If you are not yet fostering…this is just one more reason to save some furry little lives in 2018. Check out the animal rescue groups in your local area. There are both breed specific and general rescues. Love Labs? Check out Nola Lab Rescue.

This is the amazing group that I currently foster with  – we always need more fosters!

Fostering is not expensive. Take Paws Rescue covers the cost of all vetting, and can provide crates, food, anything you need really. Some groups ask that you provide your foster’s food and or crates, collars, leashes, harnesses, toys/treats.

Can’t foster? Your charitable donations to a 501c3 rescue organization like Take Paws Rescue in New Orleans are fully tax deductible and help save furry little lives.


Christmas Hope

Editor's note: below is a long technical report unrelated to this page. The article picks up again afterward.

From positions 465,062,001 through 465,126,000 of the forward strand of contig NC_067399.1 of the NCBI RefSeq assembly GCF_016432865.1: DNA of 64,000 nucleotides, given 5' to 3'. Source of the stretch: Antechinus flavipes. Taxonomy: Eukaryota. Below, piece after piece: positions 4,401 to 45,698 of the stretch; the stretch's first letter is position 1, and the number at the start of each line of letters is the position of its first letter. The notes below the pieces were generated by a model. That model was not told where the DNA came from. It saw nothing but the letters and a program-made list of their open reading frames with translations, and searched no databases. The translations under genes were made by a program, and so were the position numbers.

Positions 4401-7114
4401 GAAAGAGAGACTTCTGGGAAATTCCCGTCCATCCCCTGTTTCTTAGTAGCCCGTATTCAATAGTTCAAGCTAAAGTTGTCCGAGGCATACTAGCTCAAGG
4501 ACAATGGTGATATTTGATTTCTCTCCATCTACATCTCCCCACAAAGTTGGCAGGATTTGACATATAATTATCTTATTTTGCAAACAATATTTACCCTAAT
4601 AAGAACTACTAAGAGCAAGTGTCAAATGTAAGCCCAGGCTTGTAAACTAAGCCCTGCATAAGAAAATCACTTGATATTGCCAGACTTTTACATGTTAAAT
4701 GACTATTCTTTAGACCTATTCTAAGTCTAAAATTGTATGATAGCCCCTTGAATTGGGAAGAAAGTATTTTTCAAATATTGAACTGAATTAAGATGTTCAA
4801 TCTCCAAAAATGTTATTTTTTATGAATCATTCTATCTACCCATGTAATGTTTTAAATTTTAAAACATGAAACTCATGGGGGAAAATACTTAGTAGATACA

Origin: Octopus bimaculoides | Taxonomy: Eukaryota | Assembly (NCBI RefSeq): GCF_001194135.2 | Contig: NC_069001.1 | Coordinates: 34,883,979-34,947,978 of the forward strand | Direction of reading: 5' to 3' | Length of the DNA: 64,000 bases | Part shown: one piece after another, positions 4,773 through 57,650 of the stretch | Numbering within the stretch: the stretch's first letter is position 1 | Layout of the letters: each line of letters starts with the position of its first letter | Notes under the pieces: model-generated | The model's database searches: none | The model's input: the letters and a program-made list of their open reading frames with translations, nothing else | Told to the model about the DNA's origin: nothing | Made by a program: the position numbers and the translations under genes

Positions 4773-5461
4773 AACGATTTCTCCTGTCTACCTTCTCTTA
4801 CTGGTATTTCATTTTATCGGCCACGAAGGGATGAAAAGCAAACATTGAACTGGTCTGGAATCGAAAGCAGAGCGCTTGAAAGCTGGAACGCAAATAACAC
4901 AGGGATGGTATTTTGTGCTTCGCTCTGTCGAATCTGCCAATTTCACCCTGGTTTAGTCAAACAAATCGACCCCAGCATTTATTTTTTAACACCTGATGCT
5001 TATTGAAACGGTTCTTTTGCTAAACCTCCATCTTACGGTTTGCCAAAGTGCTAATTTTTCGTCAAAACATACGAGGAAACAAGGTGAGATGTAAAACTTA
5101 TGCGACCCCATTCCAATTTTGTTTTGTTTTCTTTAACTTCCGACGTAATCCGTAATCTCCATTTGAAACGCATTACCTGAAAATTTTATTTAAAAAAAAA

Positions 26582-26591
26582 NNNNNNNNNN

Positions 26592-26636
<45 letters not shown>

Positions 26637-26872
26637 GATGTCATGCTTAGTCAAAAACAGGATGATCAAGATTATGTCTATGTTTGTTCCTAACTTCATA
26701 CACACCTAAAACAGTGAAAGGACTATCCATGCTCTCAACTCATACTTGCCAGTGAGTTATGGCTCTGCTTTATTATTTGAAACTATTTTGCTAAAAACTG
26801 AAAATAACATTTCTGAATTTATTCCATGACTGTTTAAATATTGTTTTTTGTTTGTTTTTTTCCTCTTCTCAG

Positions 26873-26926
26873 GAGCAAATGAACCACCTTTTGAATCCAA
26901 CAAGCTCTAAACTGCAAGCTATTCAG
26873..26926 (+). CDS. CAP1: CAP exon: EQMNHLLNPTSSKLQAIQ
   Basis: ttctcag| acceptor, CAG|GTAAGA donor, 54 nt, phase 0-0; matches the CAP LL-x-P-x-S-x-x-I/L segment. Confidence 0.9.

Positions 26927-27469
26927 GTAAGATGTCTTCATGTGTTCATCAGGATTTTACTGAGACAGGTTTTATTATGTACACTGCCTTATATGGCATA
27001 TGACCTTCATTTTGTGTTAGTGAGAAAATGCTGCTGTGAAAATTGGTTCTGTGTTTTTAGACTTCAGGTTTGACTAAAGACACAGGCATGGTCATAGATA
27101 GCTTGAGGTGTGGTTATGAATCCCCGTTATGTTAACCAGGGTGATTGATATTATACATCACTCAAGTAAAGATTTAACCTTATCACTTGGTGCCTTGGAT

Recently, my 10 year old daughter was asked, what do you want for Christmas?A puppy! she replied.  The thing is, I’m not sure if she was serious, or if she has mastered the adult sarcasm in the family. We have had over thirty dogs here in the last year, and most of them would count as a puppy. We’ve even had a few of the newly weaned, just taken from the momma dog type. We love puppies. I tell people: they are a total pain in the ass. Because they are. They are untrained pee machines. But I’m like the puppy-grandma, I get to love on them and cuddle on them for a short time, all the while knowing we will be sending them on to a forever home soon, making another family very happy. Knowing they are temporary changes your attitude about the rough parts. Maybe the reason that I am good at fostering and letting go is that I have changed countries, continents, jobs, schools, and friends so often that my mantra is: I can handle anything, because soon enough everything will change and I’ll be starting over. You would be amazed at what you can deal with if you maintain this attitude. Pretty much everything in life is temporary in one way or another, so appreciate the good parts, the bad parts will pass.